Why yes, I realize it is still a week away from Christmas, but in my case, I may get to enjoy a little Christmas this coming Saturday as well. My reason to celebrate? Apparently, the antique store in town which holds the remainder of Marilyn Sowle Bean's photo collection has not yet closed.
I made the phone call yesterday to see whether it was already too late. After all, though I saw the news on social media that this particular antique shop was slated to close, there was no mention of a precise date for this unfortunate occurrence. Since travel plans had already whisked me thousands of miles away for the past week, there was nothing I could do about this predicament until I returned home.
When the phone rang this time at Hubba Hubba—yes, that is the name of the store—the owner did something she said she never does: answer the phone, herself. Usually, she lets the staff standing closer to the phone handle the calls. For some reason, this time was different.
She remembered the photos. After all, it was a collection, not just a few scattered items. Because so many were labeled, she could tell these were part of a family collection, and made sure to keep as many of the items together as possible.
There were not just pictures, but newspaper clippings and other items more suited to a scrapbook collection. Thinking over some of the details she had spotted, the owner had questions. Did one of the men own a lot of dogs? Well, yes—sort of. That was Sam, the poodle trainer for the Ice Follies. Was Marilyn's nickname Rinkie? There was a copy of her high school graduation program with her nickname written in it. The shopkeeper had evidently gotten to know her "client" well, for we had quite a conversation about the items included in Marilyn's collection.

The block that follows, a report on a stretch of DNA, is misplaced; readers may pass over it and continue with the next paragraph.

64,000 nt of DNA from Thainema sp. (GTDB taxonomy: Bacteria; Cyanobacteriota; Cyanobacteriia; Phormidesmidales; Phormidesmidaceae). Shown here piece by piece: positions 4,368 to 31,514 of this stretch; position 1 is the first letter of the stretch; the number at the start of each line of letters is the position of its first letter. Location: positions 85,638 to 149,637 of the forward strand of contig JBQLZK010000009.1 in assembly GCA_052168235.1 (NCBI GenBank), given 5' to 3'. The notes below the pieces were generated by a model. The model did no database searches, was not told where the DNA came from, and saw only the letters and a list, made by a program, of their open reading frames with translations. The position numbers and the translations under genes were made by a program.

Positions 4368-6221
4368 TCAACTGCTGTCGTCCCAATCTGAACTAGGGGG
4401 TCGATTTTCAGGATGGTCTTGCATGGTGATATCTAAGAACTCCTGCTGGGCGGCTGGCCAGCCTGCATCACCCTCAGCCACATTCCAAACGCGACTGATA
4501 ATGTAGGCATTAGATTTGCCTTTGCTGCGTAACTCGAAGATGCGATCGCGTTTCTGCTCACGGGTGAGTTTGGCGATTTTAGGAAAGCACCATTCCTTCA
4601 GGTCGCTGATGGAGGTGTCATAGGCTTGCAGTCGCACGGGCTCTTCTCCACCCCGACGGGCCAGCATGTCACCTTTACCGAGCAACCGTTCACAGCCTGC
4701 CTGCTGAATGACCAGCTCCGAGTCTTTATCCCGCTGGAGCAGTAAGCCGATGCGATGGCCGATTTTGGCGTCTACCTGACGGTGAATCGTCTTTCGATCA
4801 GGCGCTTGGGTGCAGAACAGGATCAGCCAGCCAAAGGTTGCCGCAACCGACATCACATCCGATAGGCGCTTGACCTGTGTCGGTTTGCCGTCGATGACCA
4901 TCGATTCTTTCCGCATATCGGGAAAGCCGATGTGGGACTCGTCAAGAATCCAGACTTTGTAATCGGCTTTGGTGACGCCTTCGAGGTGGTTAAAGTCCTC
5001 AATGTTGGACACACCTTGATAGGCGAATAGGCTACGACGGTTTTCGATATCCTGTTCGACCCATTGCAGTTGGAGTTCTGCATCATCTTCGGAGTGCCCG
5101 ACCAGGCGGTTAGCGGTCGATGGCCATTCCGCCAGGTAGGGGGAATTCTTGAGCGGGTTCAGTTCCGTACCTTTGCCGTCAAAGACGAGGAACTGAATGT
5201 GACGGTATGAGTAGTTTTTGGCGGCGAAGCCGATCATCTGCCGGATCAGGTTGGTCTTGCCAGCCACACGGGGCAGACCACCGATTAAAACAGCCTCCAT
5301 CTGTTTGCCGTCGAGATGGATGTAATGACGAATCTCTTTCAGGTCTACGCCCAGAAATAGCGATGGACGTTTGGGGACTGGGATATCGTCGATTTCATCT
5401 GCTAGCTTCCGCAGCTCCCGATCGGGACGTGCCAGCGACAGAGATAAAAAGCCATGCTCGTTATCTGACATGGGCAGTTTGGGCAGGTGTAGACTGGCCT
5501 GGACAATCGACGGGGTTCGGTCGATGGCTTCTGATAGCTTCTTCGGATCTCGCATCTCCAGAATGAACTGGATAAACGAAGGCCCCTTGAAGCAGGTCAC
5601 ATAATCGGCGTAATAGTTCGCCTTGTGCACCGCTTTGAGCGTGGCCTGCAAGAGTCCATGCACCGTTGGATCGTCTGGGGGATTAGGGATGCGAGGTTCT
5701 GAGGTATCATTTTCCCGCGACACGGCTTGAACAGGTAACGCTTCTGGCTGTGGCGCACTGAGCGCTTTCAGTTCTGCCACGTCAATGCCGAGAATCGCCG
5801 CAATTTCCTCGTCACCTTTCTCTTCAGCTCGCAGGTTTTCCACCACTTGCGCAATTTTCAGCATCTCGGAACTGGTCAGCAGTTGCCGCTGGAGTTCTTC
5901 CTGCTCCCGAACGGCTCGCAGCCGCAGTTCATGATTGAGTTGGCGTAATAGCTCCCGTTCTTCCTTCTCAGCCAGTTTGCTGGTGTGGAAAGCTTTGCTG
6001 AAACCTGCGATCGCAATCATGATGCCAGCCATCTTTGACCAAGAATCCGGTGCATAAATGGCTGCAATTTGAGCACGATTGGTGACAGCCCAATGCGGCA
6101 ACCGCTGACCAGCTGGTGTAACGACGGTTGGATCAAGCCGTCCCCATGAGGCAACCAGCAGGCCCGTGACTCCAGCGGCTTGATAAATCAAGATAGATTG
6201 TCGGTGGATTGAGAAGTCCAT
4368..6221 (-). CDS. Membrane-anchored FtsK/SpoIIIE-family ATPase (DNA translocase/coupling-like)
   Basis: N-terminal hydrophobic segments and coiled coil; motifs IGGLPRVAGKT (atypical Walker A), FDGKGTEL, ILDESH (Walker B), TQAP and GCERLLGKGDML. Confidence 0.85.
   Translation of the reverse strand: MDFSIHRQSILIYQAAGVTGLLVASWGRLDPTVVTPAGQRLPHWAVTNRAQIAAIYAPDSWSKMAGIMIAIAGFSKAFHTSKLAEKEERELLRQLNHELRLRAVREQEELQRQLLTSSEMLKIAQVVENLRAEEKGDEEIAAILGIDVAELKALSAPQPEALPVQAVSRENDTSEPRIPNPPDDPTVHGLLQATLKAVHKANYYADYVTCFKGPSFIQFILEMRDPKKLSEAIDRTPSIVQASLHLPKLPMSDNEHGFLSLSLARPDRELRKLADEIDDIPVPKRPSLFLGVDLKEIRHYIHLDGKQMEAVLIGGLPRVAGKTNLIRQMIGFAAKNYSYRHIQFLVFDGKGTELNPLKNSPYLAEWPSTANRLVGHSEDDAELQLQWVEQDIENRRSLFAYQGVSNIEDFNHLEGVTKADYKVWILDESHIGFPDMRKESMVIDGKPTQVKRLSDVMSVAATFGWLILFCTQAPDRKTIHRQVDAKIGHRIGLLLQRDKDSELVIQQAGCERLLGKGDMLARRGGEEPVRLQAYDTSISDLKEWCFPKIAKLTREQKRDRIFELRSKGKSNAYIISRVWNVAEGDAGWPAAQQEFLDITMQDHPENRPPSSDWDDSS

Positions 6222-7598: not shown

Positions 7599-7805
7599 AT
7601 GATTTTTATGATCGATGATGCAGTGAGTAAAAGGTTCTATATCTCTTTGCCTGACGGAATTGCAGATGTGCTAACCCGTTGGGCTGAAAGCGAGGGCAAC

Of course, paramount in the exchange was securing a time when I could access the collection to see for myself what is left. How soon would the shop be closing? I didn't want to miss my last chance.
"Give me a few days," the owner replied. She wanted to assemble all the pieces of the collection before I met with her. Thus it was decided: I'll be able to see what else can be rescued from Marilyn's collection this Saturday. What a long journey this personal treasure chest has taken—and if I can find any extended family members who would like to receive a particular photo from the collection, that journey may continue, long after our Saturday meeting.